The BMW M3s We Never Got

Paul Barshon

The Michelins lied-they weren't fully warm, and the CSL's rear steps to the side. Faster, more communicative steering makes the slide easy to catch, and the SMG automated manual will obediently hold whatever gear you ask of it. Too bad it has such a hard time moving the CSL smoothly off the line or shifting without attempting to either break your neck or smoke the clutch.

As you drive the CSL, it's immediately clear that this M3 was pushed to the absolute limit. It seems thatneither the engine, the transmission, the suspension, nor the body could handle another ounce of performance. Like all E46 M3s, the CSL looks restrained, dignified, and elegant, but underneath, the CSL is raw performance ready to burst at the seams. And isn't that the whole point of an M3?

The E46 M3's real successor?
While in Munich, we had the opportunity to sample a new M car that might, philosophically, be the closest thing to an E46 M3 successor: the 2011 1-series M coupe (pictured at top). We drove camouflaged mules, and BMW was hush-hush about the details, but a peek underneath revealed suspension, brakes, and a limited-slip differential that looked suspiciously like those in the current M3. The straight six under the hood appears to be the twin-turbo N54HP found in the Z4 sDrive35is. The shifter is short, the seats are aggressive, and the flared fenders are huge. After a quick drive, we were left wanting for only two things: some more engine noise and the disposable income to afford one.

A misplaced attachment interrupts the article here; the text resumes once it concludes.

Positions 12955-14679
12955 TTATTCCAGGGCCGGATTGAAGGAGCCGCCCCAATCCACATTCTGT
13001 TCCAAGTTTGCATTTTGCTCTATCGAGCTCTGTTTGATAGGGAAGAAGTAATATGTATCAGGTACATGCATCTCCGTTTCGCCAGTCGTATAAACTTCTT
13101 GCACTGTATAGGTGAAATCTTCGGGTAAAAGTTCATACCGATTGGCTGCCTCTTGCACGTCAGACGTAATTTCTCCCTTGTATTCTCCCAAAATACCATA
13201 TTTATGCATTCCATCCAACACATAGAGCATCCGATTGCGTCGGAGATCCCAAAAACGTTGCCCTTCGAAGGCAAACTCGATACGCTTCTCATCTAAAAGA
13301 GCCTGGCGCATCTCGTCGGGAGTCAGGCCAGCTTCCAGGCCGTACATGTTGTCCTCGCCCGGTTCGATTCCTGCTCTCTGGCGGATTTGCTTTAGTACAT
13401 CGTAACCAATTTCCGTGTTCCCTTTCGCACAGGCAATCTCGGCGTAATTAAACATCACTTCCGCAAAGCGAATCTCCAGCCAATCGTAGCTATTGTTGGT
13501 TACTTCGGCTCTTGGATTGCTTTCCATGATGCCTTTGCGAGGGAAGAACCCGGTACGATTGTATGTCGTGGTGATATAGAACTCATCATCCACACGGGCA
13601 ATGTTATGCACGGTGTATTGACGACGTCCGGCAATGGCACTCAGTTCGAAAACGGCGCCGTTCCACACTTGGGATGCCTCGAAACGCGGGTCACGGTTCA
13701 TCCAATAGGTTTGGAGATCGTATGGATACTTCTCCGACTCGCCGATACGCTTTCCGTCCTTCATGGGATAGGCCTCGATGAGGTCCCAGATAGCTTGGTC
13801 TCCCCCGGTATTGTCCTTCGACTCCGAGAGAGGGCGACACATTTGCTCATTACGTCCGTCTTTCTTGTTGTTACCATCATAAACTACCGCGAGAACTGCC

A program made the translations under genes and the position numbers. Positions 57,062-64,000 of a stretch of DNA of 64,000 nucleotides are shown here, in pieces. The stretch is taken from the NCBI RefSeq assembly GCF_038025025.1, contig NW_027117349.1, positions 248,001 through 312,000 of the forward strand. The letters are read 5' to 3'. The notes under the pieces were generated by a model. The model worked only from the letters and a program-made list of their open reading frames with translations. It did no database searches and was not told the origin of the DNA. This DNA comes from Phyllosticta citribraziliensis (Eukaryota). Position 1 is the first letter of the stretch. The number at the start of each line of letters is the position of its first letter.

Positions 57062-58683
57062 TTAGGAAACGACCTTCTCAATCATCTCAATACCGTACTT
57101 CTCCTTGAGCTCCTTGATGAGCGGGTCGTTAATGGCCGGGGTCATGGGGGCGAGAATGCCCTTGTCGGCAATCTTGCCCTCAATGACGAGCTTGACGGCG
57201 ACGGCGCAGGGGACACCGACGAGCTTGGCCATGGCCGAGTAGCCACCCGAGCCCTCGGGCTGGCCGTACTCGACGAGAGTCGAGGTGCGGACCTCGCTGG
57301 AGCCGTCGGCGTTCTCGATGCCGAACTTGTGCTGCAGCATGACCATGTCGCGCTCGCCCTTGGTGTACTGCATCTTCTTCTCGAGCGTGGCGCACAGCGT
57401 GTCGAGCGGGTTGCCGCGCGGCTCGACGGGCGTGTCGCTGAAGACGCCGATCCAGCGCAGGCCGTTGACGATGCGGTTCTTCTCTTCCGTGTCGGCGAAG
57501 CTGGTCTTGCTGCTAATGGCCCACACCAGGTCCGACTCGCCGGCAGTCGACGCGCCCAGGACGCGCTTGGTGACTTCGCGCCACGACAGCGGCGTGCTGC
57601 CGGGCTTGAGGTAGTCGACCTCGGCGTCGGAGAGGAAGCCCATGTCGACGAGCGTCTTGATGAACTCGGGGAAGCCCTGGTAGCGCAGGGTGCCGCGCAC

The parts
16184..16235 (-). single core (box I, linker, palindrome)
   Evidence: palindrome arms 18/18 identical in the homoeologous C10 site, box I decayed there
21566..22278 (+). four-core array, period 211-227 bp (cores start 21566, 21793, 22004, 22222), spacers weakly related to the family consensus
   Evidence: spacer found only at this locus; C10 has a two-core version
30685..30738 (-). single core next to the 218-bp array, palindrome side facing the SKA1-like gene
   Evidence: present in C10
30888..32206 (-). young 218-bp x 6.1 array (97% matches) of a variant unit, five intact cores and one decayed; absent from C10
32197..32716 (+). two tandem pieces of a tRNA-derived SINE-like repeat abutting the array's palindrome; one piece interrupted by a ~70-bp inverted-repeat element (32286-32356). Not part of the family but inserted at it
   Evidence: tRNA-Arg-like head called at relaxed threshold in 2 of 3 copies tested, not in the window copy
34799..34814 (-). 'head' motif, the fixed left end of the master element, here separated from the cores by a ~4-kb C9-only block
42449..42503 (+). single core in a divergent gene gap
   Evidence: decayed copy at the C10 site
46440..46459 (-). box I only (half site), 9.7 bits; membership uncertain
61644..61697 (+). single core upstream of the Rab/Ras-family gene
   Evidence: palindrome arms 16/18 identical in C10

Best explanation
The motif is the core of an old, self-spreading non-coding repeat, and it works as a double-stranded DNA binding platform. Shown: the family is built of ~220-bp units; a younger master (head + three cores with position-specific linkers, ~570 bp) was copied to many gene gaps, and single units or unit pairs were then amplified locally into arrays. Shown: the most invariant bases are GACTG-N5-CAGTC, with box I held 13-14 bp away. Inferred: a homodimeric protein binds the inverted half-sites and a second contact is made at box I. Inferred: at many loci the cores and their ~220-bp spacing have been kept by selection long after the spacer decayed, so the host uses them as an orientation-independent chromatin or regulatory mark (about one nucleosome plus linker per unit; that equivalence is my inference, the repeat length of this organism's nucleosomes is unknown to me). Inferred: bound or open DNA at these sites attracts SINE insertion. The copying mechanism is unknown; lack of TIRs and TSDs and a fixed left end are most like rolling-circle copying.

E46 SPECS

U.S. M3
PRODUCTION: 40,522 (2001-06)
ENGINE: DOHC 24-valve I-6
CODE NAME: S54B32
DISPLACEMENT: 3246 cc
POWER: 333 hp @ 7900 rpm
TORQUE: 262 lb-ft @ 4900 rpm
REDLINE: 8000 rpm
TRANSMISSION: 6-speed manual
0-62 MPH: 5.2 sec
TOP SPEED: 155 mph

Euro M3 CSL
PRODUCTION: 1400 (2003)
ENGINE: DOHC 24-valve I-6
CODE NAME: S54B32
DISPLACEMENT: 3246 cc
POWER: 355 hp @ 7900 rpm
TORQUE: 273 lb-ft @ 4900 rpm
REDLINE: 8000 rpm
TRANSMISSION: 6-speed sequential manual
0-62 MPH: 4.9 sec
TOP SPEED: 155 mph

chriscotech
This is an interesting article, and good reading.I have an E36 M3 here in Australia. We got the "Euro spec" cars (Called "Evo" in the UK market). Not that it's a big difference but the power output is not 317bhp but 321bhp at 7,400 rpm, with a 7,500 rpm redline. This was an important design goal to BMW as it was their first road legal car to put out over 100bhp per litre. One of the significant advances (excuse the pun) of this engine is that the VANOS was not stepped, as noted above but was continuously variable, on both camshafts. The power delivery is very smooth and there is a lot of it. Although the maximum power is at 7,400 rpm, the maximum torque (258 lb/ft) at only 3,250 rpm. That was the great achievement of this engine design and it was evolved through the following series of M cars. The Euro M3 has a stronger (and heavier) limited slip differential and a fairly long list of other differences including those in the braking and ABS systems. The US car came close to the "rest of the world" car in the chassis but unfortunately not in the propulsion department. All M3s are exceptional cars, I agree.

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